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Another Conservative uses the Olympics as an excuse for prorogation

This time, it’s Stockwell Day’s turn to try to pass this off to his constituents and the rest of the country as a valid reason.

I would really like to know which adviser to the government thought that using the Olympics as a reason excuse for justifying prorogation was a great idea. It immediately draws attention to the fact that this government is on an unnecessary holiday to watch the Olympics while everyone else is back to work, and that they’re getting paid by the taxpayers on this “vacation” while they focus on the Olympics. It also is very easy to point out that the last time the Olympics were here in Canada, Brian Mulroney didn’t feel the need to prorogue in order for everyone to pay attnetion (For that matter, did Pierre Trudeau prorogue the House in 1976 when Montreal had them?).

I also am a little bemused that with the angry reaction to prorogation, why certain government ministers and MP’s keep trying to trot out the “focus on the Olympics” as another good reason to prorogue. If any reason got met with the most hostility, it was this one. Yet they stubbornly insist that people need to focus on the Olympics and having the House in session would be a distraction for that.

The only distraction here is that the Conservatives were hoping prorogation and the Olympics would combine to make people forget they were trying to avoid accountability to Parliament. The first part of that equation hasn’t worked; and I think people have longer memories then 2 weeks of a sporting event will erase.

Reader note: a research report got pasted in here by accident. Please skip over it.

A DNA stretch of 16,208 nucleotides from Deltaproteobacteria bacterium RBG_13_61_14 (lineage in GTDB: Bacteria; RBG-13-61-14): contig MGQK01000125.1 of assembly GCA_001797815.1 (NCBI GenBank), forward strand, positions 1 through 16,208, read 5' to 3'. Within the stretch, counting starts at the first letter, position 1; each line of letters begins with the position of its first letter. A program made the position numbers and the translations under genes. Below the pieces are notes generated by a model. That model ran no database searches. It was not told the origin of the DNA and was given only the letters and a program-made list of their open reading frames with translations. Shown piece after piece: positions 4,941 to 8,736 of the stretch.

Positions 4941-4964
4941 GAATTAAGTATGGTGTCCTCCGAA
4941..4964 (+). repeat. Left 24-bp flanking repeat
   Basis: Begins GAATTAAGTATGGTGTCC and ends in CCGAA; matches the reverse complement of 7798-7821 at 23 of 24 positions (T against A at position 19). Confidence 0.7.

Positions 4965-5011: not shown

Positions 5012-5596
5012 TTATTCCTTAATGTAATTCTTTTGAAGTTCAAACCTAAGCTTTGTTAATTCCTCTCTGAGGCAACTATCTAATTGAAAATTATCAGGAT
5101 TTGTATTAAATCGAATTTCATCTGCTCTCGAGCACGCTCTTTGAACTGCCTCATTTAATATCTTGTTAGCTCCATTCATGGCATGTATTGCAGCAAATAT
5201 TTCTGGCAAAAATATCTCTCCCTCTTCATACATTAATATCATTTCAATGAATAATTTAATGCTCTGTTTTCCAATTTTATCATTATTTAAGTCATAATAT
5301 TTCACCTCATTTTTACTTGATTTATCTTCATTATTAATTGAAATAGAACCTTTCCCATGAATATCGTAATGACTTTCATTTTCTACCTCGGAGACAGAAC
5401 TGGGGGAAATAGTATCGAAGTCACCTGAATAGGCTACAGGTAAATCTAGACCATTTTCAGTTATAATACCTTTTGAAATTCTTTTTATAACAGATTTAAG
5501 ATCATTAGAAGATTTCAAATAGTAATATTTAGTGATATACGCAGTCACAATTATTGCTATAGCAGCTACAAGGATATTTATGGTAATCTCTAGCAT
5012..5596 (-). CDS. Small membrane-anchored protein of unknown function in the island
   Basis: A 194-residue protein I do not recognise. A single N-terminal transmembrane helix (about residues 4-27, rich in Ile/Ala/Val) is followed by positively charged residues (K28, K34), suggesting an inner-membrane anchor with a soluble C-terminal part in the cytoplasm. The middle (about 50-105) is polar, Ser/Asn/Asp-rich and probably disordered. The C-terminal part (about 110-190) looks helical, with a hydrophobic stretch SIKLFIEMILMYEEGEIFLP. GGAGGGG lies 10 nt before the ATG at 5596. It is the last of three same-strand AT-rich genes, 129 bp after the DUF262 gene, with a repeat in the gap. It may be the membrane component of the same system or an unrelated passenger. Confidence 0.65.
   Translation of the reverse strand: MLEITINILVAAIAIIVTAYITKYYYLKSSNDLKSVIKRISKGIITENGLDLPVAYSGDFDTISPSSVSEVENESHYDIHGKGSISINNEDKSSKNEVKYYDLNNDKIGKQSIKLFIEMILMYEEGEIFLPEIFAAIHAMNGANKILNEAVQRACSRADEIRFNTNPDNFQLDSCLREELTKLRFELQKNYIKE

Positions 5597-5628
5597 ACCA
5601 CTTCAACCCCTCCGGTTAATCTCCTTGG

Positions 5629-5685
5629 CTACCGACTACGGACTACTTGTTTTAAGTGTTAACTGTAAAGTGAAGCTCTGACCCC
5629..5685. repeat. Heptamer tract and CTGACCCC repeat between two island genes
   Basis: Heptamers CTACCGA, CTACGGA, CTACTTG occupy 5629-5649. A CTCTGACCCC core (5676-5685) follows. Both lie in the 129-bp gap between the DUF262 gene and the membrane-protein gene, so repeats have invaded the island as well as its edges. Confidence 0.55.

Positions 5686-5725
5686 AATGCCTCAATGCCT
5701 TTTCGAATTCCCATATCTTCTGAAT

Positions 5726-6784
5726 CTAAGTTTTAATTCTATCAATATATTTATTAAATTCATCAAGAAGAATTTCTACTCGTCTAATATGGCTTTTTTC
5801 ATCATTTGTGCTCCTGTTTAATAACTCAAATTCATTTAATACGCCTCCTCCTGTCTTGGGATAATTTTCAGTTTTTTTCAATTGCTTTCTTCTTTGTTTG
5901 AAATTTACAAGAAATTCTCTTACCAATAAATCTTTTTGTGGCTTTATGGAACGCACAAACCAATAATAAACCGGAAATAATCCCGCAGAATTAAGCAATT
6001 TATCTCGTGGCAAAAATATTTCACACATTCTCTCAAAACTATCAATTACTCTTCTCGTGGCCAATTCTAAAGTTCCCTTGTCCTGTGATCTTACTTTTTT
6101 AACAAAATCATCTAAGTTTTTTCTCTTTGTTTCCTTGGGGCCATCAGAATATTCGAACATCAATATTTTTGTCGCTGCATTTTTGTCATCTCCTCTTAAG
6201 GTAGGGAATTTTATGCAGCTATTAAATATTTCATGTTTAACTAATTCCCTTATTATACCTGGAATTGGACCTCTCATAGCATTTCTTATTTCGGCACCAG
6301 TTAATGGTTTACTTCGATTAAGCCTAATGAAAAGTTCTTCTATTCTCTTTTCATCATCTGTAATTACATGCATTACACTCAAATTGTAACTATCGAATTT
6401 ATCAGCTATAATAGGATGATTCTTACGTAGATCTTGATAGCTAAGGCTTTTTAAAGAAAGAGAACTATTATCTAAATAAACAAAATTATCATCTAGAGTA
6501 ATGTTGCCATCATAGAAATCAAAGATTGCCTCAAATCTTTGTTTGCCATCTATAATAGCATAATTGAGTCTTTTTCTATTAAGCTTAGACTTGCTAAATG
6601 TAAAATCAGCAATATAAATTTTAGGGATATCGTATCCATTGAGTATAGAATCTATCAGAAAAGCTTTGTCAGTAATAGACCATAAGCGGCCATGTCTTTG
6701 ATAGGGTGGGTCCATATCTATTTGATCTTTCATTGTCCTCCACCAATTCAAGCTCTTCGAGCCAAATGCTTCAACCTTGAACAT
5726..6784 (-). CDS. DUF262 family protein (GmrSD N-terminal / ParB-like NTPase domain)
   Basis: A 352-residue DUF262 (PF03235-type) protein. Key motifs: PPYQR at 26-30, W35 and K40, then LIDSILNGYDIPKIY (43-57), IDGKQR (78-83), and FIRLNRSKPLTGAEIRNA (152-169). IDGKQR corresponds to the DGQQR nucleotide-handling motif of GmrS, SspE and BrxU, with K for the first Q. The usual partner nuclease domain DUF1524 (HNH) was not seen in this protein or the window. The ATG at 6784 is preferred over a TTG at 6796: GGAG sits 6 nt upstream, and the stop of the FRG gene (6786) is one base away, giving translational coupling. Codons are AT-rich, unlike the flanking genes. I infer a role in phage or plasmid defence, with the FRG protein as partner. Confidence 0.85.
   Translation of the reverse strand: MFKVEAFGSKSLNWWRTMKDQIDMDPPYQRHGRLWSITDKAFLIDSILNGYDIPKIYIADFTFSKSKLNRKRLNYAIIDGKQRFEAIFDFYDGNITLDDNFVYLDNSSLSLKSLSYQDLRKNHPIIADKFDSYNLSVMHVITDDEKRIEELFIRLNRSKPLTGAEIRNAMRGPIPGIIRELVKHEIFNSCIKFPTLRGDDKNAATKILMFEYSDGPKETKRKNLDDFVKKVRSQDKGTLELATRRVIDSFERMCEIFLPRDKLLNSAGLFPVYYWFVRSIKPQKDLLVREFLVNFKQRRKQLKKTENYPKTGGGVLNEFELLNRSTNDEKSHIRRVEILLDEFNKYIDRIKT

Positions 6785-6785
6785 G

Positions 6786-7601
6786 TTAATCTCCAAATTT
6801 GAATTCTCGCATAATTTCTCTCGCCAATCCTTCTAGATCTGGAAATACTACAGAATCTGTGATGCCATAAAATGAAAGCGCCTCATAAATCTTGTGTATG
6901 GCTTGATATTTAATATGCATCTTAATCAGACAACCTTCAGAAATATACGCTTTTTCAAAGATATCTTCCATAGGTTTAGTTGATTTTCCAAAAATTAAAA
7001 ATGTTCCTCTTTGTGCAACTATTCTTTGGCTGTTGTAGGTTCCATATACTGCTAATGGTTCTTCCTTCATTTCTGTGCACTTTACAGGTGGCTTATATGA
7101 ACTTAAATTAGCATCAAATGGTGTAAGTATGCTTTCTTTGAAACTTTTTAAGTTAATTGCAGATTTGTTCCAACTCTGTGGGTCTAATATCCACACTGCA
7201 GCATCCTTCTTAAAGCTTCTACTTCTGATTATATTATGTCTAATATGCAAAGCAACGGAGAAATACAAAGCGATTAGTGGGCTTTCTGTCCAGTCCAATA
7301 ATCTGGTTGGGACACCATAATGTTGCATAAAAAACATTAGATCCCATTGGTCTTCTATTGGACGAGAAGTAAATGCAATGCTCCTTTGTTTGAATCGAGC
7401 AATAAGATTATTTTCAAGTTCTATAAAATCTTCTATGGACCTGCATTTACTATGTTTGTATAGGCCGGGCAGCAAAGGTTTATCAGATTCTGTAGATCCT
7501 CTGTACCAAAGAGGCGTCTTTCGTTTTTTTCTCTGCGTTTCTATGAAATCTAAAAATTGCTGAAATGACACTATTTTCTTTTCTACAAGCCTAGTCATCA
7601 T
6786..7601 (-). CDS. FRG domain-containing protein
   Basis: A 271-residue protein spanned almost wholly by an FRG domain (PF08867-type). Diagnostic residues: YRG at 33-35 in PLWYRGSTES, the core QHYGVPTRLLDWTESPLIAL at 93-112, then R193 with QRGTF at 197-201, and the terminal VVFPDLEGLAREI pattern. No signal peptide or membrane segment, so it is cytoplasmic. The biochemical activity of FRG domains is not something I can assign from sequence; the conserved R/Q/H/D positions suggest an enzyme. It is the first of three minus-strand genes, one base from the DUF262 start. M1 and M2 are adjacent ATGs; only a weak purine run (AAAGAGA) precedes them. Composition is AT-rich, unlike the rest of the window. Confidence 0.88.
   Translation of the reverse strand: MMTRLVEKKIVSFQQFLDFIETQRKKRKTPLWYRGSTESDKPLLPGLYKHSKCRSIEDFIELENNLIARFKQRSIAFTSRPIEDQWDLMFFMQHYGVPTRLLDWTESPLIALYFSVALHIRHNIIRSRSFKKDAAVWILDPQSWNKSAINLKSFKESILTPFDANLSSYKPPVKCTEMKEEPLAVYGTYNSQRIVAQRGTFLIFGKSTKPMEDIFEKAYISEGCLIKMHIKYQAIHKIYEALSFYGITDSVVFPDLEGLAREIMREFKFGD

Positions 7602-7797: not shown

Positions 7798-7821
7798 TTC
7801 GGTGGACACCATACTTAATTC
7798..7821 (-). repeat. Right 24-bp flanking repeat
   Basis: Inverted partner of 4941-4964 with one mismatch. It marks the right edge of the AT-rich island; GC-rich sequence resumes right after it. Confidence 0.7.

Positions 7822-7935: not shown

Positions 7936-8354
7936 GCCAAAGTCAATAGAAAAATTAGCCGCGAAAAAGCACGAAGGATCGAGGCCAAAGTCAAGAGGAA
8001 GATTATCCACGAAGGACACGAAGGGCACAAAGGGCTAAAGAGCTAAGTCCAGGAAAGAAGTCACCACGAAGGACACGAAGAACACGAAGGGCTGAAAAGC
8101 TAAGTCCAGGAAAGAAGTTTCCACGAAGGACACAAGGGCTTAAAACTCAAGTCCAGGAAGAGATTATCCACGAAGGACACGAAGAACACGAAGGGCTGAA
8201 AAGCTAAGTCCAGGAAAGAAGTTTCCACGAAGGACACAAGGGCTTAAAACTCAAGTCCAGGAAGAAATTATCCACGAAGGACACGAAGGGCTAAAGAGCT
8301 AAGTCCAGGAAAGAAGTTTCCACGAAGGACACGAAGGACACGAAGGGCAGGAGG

3 comments to Another Conservative uses the Olympics as an excuse for prorogation

  • Big Winnie

    The Conservative MPs are participating in the “Duck and Run” event at the Olympics and that’s the real reason they prorogued.

  • Jim Vincent

    Yes, it’s a stupid excuse, but the question of whether or not the Olympics will dampen or sideline the month-long debate over prorogation is still unanswered.

    There is a very real sense that it could, and we shouldn’t discount the fact that after the Jan.23 rallies, it has become more evident that the CAPP movement has no unified focus anymore and the NDP-Liberal divisions are becoming more prominent with the differing approaches to rectifying the prorogation process and, to a lesser extent, the mild row within CAPP over the visible NDP presence at some of the CAPP rallies (which strikes me largely as griping by a handful of Liberals who have no experience at rallies – IMHO).

    This is not to say that the Tories will suddenly shoot up in the polls, but rather the momentum behind CAPP will dissipate and the general anti-prorogation sentiment will be subsumed into the parliamentary realm once the house resumes after the olympics.

    Either one of Canada’s medal-winning athletes has to slam Harper on a very public platform (here’s hoping!), or CAPP has to find a new, unified program of attack that can withstand parliamentary politics – what we have to recognize as the graveyard of social movements (the NDP being the graveyard of the labour movement!). But the decentralized and grassroots character of CAPP which gave it its élan is also its weakness – there is no nationally-coordinated group within CAPP that has the capacity to pose a new direction for CAPP. This is effectively what is required to reorient a broad-based movement, but to do so requires something akin to a political party. But since CAPP is “non-partisan” and both the Liberals and NDP have no real activist capability of moving CAPP (and even if they tried, they would fatally fracture CAPP), CAPP is left aimless. Alternatively, a “leader” could emerge from CAPP but again, this seems unlikely.

    CAPP needs either to launch a conference for democratic reform and start to solidify the local facebook chapters as REAL chapters, or quickly find a new protest date. I’m sure stuff is in the works, but nothing is being picked up in the media.

    End rant.

  • Couple that with all the negative press the Owe-lympics is getting and the Cons’ hope of riding an euphoric wave doesn’t look so good, eh? Here is one more to add to The Guardian piece that’s going ’round the blogosphere: Sports Illustrated-CNN: In Vancouver, “the first thing I noticed was the frowns.”

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